You might think you’re collecting all the revenue to which you’re entitled. But, how do you know for sure? Just because you submit claims doesn’t mean payers pay them timely or at all. And what if those claims are paid, but they ultimately put you at risk for a post-payment audit or recoupment? Nobody wants to be blindsided by denials and costly recoupments. The good news? You don’t need to be—if you have the right data at your fingertips.
Here are seven performance metrics every medical biller should track to ensure revenue integrity and keep pace with new and emerging healthcare trends:
1. Unique patients billed digitally
Medical practices experience considerable savings when sending digital statements and receiving digital payments. If the number of unique patients you bill digitally doesn’t increase over time, it could be an indication that you’re not collecting email addresses or cell phone numbers. There might be an opportunity to provide education to registration staff or revamp existing workflows.
2. Payment collected in the last seven days
What you’re looking for with this metric is any unexpected dips. If you notice a dip in payments, what’s the cause, and what can you do immediately to address it? Be sure to look specifically at patient payments because let’s face it: Patient financial responsibility continues to increase. Do you offer a variety of ways for patients to pay (e.g., credit card, digital wallet, ACH, phone, and check)?
3. Days in accounts receivable (A/R)
This important metric reflects how long it takes to receive payment, and it helps you plan ahead to ensure you have enough funds to cover operating expenses. To calculate it, divide your total A/R by the average daily cost.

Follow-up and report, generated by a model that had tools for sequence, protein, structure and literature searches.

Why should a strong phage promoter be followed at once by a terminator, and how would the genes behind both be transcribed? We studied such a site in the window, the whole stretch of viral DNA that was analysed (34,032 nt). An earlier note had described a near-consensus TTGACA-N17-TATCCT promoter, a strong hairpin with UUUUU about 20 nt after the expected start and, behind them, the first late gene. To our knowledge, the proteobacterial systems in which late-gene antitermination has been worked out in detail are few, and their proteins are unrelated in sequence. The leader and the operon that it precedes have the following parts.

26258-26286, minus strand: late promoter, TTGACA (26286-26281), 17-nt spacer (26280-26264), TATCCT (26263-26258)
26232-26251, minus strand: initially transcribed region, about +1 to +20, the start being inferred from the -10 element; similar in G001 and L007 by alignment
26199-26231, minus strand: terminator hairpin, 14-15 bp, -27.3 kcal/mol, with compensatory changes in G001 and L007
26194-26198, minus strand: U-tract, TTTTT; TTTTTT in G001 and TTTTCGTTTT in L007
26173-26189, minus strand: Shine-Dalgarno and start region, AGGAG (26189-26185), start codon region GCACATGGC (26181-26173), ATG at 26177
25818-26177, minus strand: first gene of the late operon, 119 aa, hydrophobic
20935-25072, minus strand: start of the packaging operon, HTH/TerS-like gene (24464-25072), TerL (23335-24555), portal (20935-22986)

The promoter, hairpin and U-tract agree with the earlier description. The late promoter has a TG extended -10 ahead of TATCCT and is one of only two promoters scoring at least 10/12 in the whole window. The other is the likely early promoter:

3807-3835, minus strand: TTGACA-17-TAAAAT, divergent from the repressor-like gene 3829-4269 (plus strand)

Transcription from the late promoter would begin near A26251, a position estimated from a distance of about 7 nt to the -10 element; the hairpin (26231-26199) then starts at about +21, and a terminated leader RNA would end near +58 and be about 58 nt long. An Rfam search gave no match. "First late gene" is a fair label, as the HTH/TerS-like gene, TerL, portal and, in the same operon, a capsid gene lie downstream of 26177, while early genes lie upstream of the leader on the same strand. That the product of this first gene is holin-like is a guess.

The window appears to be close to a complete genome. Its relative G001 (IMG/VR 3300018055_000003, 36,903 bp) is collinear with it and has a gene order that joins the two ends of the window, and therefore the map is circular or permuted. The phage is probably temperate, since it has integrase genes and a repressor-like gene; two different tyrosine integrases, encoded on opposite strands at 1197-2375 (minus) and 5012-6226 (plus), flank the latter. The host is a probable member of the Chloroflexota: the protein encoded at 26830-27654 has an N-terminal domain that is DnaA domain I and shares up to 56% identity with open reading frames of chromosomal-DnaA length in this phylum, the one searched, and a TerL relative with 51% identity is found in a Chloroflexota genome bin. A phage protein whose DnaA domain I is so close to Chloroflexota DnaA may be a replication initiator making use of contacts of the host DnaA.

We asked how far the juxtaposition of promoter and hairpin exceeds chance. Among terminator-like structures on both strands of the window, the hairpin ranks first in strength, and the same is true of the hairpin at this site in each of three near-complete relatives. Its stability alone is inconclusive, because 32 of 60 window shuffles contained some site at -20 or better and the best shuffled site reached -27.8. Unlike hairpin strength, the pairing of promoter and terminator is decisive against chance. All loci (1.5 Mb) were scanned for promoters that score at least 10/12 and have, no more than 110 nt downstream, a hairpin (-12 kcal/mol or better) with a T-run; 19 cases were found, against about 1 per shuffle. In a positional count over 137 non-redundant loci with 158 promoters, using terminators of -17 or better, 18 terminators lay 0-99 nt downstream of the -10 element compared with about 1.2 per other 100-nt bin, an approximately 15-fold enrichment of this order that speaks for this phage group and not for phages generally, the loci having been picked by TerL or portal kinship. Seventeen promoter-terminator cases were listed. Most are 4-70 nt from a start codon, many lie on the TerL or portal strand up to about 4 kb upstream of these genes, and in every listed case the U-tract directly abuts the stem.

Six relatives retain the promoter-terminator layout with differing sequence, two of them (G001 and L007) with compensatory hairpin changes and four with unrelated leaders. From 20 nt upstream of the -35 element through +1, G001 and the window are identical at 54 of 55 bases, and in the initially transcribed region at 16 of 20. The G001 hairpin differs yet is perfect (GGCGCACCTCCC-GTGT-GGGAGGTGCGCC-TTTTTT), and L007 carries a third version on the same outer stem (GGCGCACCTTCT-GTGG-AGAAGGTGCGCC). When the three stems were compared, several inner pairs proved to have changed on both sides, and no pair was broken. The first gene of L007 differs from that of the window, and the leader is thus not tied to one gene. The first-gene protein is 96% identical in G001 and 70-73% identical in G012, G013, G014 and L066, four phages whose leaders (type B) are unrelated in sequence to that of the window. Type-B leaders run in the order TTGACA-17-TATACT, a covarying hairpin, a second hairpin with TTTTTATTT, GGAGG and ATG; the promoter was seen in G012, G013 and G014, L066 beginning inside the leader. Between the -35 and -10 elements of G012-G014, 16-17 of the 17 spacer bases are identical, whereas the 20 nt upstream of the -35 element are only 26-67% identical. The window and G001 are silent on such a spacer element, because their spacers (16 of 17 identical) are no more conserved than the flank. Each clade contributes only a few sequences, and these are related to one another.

4. Net collection rate
If you want to know how effective you are at getting paid, this is the metric to monitor. That’s because it reflects your actual income—the amount of revenue you collect minus write-offs, refunds, and contractual/non-contractual amounts. To calculate it, divide payments by all allowed charges, then multiply by 100.
5. Contractual variation
Ideally, there would be no variance. This means you’re paid what you expect. What you need to stay on top of are underpayments—instances when the amount you receive from the insurance company is lower than the expected payment amount under the fee schedule. These are often instances that warrant following up with the insurance company directly.
6. Denial rate
Your denial rate refers to the number of claims denied by the number of claims remitted. It tends to range from five to 10%; however, best practice is to reduce it to as close to zero percent as possible.
7. First pass resolution rate (FPRR)
This metric refers to the percentage of claims paid after a single submission. When payers pay your claims the first time, this means you did everything correctly—used the right medical codes, followed payer rules, and sent the claim in a timely manner. This is goal: To avoid costly rework and promote a healthy cashflow.
Billing metrics provide critical insights into the overall financial health of your medical practice. The best way to access these metrics? User-friendly dashboards presenting real-time data that medical billers can leverage to improve performance. Learn how Inbox Health can help.
Lisa A. Eramo, MA is a freelance healthcare writer who specializes in healthcare reimbursement, health information management, value-based care, and patient engagement. She contributes bylined articles to various healthcare trade publications and also assists clients with healthcare content marketing. You can reach her at email@example.com or by visiting www.lisaeramo.com.